Maintaining appearances - The role of p53 in adult neurogenesis

Silvia Medrano, Heidi Scrable

Research output: Contribution to journalReview articlepeer-review

30 Scopus citations


In the adult mammalian brain, neuronal turnover continues to replenish cells in existing neuronal circuits, such as those involved either in odor discrimination or in learning and memory, throughout life. With age, however, the capacity for neurogenesis diminishes and these functions become impaired. Neuronal turnover is a two-step process, which first generates excess neuronal progenitors and then eliminates all but the few that differentiate into fully functional neurons. This process requires a fine balance between cell proliferation and cell death. Altered activity of the tumor suppressor p53 can upset this balance by affecting the rate of cell proliferation, but not the rate of cell death, in neurogenic regions of the adult brain. Genetically engineered mice in which p53 activity is increased demonstrate that premature loss of neurogenic capacity is linked to accelerated organismal aging.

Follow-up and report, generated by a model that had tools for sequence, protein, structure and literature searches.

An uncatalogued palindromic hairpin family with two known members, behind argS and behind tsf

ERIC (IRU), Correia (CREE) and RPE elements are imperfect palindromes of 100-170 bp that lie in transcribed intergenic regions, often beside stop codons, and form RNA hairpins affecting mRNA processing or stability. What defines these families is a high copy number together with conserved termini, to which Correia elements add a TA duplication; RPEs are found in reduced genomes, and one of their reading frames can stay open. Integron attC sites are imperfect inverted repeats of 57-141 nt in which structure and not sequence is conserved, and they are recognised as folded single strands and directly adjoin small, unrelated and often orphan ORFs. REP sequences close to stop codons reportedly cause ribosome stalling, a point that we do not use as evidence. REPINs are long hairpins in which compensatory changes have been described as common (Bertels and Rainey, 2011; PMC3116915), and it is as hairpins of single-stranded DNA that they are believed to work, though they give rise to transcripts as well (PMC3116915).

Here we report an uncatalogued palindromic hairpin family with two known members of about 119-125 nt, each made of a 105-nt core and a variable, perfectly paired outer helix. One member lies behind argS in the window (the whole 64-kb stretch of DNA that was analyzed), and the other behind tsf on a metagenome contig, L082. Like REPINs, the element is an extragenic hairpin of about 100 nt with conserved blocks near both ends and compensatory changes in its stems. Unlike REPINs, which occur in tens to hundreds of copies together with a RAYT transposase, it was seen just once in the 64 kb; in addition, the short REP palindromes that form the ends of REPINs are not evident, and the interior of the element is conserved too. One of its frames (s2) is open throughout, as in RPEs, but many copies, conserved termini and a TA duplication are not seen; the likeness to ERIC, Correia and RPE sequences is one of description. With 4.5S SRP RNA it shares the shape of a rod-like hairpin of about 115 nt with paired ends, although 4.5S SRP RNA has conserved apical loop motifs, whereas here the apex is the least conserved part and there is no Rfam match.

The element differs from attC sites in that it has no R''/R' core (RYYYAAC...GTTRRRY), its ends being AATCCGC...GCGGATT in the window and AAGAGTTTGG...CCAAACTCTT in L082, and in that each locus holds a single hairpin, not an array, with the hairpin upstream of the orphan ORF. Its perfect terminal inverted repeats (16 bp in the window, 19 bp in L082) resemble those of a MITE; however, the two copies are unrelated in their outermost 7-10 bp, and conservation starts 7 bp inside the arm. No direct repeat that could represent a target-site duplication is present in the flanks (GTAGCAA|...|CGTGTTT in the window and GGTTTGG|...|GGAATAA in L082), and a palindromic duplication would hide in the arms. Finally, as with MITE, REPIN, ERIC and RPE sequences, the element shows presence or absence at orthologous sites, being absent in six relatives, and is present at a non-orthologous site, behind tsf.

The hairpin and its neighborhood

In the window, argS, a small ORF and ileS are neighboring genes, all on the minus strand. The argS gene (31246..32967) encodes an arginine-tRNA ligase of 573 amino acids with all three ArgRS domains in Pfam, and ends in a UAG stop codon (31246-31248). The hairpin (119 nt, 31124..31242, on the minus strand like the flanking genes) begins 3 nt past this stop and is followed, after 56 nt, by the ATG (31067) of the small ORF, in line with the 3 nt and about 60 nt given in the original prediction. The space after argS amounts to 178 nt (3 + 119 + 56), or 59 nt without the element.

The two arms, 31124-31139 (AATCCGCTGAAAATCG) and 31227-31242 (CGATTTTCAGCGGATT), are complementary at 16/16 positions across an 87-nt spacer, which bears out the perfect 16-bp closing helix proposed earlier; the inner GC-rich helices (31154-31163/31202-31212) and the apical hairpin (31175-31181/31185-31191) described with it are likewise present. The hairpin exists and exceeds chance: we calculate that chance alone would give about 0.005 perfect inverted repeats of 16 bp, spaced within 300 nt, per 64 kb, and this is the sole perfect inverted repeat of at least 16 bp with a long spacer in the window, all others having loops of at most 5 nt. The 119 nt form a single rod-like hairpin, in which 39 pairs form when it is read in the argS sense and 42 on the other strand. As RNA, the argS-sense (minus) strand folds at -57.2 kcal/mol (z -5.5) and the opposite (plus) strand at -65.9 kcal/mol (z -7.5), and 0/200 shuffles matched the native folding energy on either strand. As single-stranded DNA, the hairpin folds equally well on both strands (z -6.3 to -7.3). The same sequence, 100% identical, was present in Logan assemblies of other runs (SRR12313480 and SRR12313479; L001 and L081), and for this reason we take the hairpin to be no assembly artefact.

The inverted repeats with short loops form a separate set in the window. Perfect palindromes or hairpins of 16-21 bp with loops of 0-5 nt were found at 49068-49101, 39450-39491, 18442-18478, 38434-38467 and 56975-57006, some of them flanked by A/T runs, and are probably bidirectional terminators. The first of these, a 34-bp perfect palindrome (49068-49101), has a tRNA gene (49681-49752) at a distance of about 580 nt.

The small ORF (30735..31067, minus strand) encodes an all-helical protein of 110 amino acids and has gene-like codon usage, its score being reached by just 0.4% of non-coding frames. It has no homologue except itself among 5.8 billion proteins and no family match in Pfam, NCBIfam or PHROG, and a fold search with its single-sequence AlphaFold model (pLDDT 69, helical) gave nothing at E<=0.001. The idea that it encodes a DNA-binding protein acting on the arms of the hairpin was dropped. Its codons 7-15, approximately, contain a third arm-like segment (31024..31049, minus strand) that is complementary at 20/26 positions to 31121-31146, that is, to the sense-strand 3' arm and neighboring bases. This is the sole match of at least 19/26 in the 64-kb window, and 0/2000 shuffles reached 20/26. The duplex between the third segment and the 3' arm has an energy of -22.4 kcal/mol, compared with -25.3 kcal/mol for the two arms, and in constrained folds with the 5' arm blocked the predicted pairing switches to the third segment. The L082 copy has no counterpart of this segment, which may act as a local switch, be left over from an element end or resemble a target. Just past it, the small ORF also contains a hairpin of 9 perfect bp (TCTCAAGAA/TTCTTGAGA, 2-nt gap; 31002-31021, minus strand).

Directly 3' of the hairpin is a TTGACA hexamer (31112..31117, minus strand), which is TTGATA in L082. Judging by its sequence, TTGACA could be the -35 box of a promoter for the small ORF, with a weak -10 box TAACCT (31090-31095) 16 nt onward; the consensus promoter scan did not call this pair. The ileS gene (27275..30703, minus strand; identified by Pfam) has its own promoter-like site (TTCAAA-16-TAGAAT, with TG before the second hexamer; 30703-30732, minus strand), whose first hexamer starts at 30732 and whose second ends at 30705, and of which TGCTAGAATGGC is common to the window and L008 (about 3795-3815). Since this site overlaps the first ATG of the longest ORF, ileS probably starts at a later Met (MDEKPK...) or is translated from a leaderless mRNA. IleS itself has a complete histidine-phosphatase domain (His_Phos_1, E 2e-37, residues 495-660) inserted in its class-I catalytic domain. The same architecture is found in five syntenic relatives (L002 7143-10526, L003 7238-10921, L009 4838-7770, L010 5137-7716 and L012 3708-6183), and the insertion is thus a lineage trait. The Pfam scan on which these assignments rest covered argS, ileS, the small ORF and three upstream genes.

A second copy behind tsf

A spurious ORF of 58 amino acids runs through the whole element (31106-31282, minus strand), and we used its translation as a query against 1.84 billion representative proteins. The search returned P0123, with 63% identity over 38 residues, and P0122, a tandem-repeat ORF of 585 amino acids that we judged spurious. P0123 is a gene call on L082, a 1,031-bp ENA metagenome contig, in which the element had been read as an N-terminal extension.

Original languageEnglish (US)
Pages (from-to)828-833
Number of pages6
JournalBiochemical and Biophysical Research Communications
Issue number3
StatePublished - Jun 10 2005


  • Aging
  • Apoptosis
  • Dentate gyrus
  • Olfactory bulb
  • Proliferation
  • Stem cell
  • Subventricular zone

ASJC Scopus subject areas

  • Biophysics
  • Biochemistry
  • Molecular Biology
  • Cell Biology


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